University of Michigan President Mark Schlissel showed nary a pretense of objectivity in his Wednesday evening address to anti-Donald Trump protesters assembled on the campus Diag.
Noting to loud applause that 90% of students voted “in favor of a candidate other than Trump,” The Michigan Daily reports Schlissel then indicated that those who did pull the lever for the now-president-elect were for … “hate”:
“Ninety percent of you rejected the kind of hate and the fractiousness and the longing for some kind of idealized version of a non-existent yesterday that was expressed during the campaign.
“So I urge you, continue your advocacy and your voices are already being heard. They are loud and clear — this is the way America changes. It’s the way it always changes. It’s the way it will change for the better.”
Earlier that day Schlissel sent out an email to the UM community “encouraging inclusion [and] intellectual honesty”:
“In the aftermath of a close and highly contentious election we continue to embrace our most important responsibility as a university community,” Schlissel wrote. “We are at our best when we come together to engage respectfully across our ideological differences.” …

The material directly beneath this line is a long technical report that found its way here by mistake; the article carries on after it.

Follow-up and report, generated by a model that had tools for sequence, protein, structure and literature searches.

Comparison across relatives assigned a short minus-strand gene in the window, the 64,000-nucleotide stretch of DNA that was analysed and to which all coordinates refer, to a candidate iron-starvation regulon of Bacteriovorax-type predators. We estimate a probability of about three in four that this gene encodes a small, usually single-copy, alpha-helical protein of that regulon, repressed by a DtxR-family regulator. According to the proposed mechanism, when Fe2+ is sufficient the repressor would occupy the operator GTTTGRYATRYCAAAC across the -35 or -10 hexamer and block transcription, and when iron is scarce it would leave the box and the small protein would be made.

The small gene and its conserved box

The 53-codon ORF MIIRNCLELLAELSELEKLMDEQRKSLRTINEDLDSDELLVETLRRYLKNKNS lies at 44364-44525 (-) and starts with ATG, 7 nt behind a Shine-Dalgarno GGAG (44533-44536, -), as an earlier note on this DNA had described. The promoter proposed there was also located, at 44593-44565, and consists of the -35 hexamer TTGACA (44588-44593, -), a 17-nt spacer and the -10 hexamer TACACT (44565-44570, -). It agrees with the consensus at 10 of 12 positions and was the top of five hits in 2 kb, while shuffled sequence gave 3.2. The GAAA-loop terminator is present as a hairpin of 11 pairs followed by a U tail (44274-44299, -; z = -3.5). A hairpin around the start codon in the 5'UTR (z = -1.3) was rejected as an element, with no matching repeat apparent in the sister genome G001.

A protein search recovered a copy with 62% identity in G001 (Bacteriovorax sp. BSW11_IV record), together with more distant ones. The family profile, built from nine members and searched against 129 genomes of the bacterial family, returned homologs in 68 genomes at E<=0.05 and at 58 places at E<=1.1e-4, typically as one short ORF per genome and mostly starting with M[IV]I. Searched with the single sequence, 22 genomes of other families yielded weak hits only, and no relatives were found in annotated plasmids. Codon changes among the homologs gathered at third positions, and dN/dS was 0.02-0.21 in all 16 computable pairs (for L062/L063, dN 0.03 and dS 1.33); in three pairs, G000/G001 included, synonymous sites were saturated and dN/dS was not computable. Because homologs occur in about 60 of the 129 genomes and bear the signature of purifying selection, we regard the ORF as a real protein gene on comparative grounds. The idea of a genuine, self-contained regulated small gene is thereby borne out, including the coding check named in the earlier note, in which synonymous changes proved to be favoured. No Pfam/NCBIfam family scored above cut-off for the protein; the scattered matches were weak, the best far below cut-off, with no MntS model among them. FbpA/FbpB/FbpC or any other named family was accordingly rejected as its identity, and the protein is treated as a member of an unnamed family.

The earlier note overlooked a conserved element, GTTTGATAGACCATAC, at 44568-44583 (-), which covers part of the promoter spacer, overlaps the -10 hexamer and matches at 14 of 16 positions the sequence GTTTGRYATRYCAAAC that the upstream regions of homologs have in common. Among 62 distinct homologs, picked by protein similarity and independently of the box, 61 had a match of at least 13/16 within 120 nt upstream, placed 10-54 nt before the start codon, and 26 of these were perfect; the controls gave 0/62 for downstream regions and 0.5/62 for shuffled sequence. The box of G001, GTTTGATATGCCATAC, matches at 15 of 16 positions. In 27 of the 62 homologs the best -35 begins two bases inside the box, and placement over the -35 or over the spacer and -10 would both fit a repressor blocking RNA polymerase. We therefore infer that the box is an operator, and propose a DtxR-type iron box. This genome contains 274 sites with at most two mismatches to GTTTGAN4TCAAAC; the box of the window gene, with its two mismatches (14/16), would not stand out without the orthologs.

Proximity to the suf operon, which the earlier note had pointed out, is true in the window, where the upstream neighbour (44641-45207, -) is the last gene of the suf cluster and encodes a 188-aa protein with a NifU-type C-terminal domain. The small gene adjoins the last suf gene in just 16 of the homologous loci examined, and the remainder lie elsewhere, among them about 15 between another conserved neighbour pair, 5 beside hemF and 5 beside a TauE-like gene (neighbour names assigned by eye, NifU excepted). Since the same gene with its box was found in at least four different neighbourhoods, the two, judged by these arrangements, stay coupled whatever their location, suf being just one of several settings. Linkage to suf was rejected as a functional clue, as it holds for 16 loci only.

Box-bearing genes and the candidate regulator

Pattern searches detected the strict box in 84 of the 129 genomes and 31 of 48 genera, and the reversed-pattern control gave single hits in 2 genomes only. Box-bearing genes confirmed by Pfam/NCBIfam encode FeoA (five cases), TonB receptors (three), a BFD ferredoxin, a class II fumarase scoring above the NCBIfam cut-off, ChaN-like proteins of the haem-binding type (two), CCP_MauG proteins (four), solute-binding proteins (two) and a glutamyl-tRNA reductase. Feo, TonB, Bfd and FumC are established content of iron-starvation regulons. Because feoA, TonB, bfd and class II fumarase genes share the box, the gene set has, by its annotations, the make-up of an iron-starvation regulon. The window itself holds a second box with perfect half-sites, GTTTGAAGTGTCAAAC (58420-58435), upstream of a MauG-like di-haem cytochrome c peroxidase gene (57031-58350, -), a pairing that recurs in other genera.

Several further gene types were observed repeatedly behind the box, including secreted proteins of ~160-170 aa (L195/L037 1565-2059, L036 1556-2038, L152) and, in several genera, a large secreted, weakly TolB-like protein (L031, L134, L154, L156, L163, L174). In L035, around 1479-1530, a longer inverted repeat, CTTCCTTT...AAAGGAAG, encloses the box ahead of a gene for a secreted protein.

“I hope all of us will continue to proudly embrace the opportunities before us as the students, faculty and staff of a great public research university governed by the people […] Elections are often times of great change, but the values we stand for at U-M have been shaped over the course of nearly 200 years.”
Is an example of “engaging respectfully across our ideological differences,” President Schlissel, standing before the student body and telling them that the winning candidate — and his supporters — yearn for a time when certain populations “knew their place”? That they want hate and divisiveness?
Give us a break.
At least Schlissel knows his audience:
"I saw the fear in the eyes of other people of color and I tried to hide the fear in mine." From candlelight vigil on Diag. pic.twitter.com/EfmPWOXDFC
— Nisa Khan (@mnisakhan) November 9, 2016
“White, straight, cisgendered students, it’s the time for you to show up for your loved ones,” [student Darian Razdar] said. “Don’t fall to the silence of a racist and homophobic society.”
“I grew up in a house of love,” [senior Thomas Hislop] said. “I grew up in a house where it was more important to care about marginalized people than about your marginal taxes.”
Freshman Nina Renella added “[…] as a person of color, I feel very threatened and shaken to the core. I am an immigrant, so I just wanted to be surrounded by love.”
h/t to The Michigan Review